When I’m on the road I meditate everyday. I find it to be really helpful. Even though we play a lot of the same music night to night I still want to do well – I still prepare for it and go to areas of songs that I still have problems with and then I go and rehearse those things. I always have a practice session during the day – It doesn’t have to be a lot but just something to connect me with what’s going on. You know, just get ready. I also like to exercise so I workout everyday – I find that to be really relaxing and it helps me stay in the moment.

Have you picked up any tools over the years that have really helped you perform better?
I think the main thing is realizing that it all comes from within. You can have a great day from the way you look at things or you can have a horrible day from the way you look at things. That applies to your viewpoint and it controls everything. No matter what the circumstance try not to take it too seriously so that you can step back from things in a sort of detached way rather than letting things control the way your emotions go. That’s what I try to do, just keep things on as even a keel as possible, which is difficult sometimes (a good concept on paper), but it seems to work pretty well. Just take things a day at a time, which is always difficult for me because I’m always looking ahead. You always want to have a plan, a view to the future but at the same time you don’t want to live your life in the future because that’s not where life is lived – life is lived now!

What do you think makes a great musician?
I guess to use what abilities you have. I know people who are supremely talented but don’t use what they have in a really great way so they don’t get out of themselves what they could. I also know people who don’t necessarily have a lot of talent but use what they have and work hard at what they do. They say, slow and steady wins the race and I think that’s true. You don’t have to be super talented, you just have to be motivated. If you’re motivated all kinds of great stuff happens.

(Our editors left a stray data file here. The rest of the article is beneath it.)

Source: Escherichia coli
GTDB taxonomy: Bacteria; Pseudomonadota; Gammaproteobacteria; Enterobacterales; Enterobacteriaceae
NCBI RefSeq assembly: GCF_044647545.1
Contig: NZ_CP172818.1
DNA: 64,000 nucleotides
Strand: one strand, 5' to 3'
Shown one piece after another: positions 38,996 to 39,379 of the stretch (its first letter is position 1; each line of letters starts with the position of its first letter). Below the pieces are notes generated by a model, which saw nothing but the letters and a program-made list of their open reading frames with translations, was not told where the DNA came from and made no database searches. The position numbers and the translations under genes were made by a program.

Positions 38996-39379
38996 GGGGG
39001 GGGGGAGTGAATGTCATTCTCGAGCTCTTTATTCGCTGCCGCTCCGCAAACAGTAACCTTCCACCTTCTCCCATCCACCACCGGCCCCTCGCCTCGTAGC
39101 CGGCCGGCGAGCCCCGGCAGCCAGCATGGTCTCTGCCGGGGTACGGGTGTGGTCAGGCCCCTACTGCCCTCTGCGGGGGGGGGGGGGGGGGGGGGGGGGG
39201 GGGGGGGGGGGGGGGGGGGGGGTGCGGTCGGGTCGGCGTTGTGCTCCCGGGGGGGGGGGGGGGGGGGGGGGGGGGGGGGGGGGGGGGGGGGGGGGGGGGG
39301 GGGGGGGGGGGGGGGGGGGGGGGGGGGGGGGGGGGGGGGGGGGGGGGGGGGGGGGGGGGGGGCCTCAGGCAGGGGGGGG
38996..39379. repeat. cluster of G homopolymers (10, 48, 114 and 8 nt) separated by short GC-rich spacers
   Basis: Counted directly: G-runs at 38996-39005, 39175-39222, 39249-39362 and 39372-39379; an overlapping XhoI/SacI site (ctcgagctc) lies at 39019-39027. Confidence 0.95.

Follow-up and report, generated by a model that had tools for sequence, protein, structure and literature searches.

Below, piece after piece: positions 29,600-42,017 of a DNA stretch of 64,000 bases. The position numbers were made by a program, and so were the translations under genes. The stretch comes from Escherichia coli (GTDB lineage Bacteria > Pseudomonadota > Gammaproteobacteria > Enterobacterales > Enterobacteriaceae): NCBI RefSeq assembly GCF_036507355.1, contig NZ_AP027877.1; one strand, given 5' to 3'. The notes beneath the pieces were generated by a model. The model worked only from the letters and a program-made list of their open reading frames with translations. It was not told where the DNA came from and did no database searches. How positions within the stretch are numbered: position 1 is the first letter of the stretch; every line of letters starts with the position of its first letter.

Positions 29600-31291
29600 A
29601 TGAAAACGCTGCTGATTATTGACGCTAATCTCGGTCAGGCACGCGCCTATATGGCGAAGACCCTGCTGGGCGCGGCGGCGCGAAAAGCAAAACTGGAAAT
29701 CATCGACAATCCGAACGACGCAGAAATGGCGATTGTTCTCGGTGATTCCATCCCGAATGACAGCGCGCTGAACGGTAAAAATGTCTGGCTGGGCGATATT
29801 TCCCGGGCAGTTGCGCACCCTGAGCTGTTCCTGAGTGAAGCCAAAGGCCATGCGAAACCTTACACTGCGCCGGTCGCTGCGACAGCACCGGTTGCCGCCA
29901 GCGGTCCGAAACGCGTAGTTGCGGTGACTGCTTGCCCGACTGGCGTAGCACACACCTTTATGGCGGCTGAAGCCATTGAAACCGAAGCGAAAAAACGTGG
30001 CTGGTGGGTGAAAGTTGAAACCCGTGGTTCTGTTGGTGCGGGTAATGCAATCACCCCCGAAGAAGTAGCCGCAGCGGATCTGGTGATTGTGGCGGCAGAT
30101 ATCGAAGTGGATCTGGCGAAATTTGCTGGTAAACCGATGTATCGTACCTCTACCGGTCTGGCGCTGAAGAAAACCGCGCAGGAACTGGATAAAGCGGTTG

Do you have any good advice for young (or old!) musicians who are trying to make it?
The biggest thing is to stay away from alcohol and drugs, control your habits, you know. Really develop a vision for yourself – What is it that you want? What do you want to do? I don’t know that being a musician today is any more difficult than it was when I was young. To have a life filled with your art and be able to feed yourself and your family with your art…it seems like that problem has been with artistic people throughout the ages. If you are a person who is really motivated, you have a good idea of what you want, you just go out there and do your thing.

Really assess yourself because not everyone is suited for a life where you are feeding yourself with your art. For most people it’s a hobby and to have something that’s fulfilling in your life you have to have it in the right perspective. You have to enjoy it and view it as a way to enrich your life. If you attach a pay cheque to it sometimes that ruins the fun and then it’s not art anymore – it becomes something else. You want to strive to keep things in the right perspective. All the musicians that I know that do this for a living and are successful at it are not afraid to do it, they’re not afraid to step out there and be themselves.

Interview taken from The Psychology Of Drumming.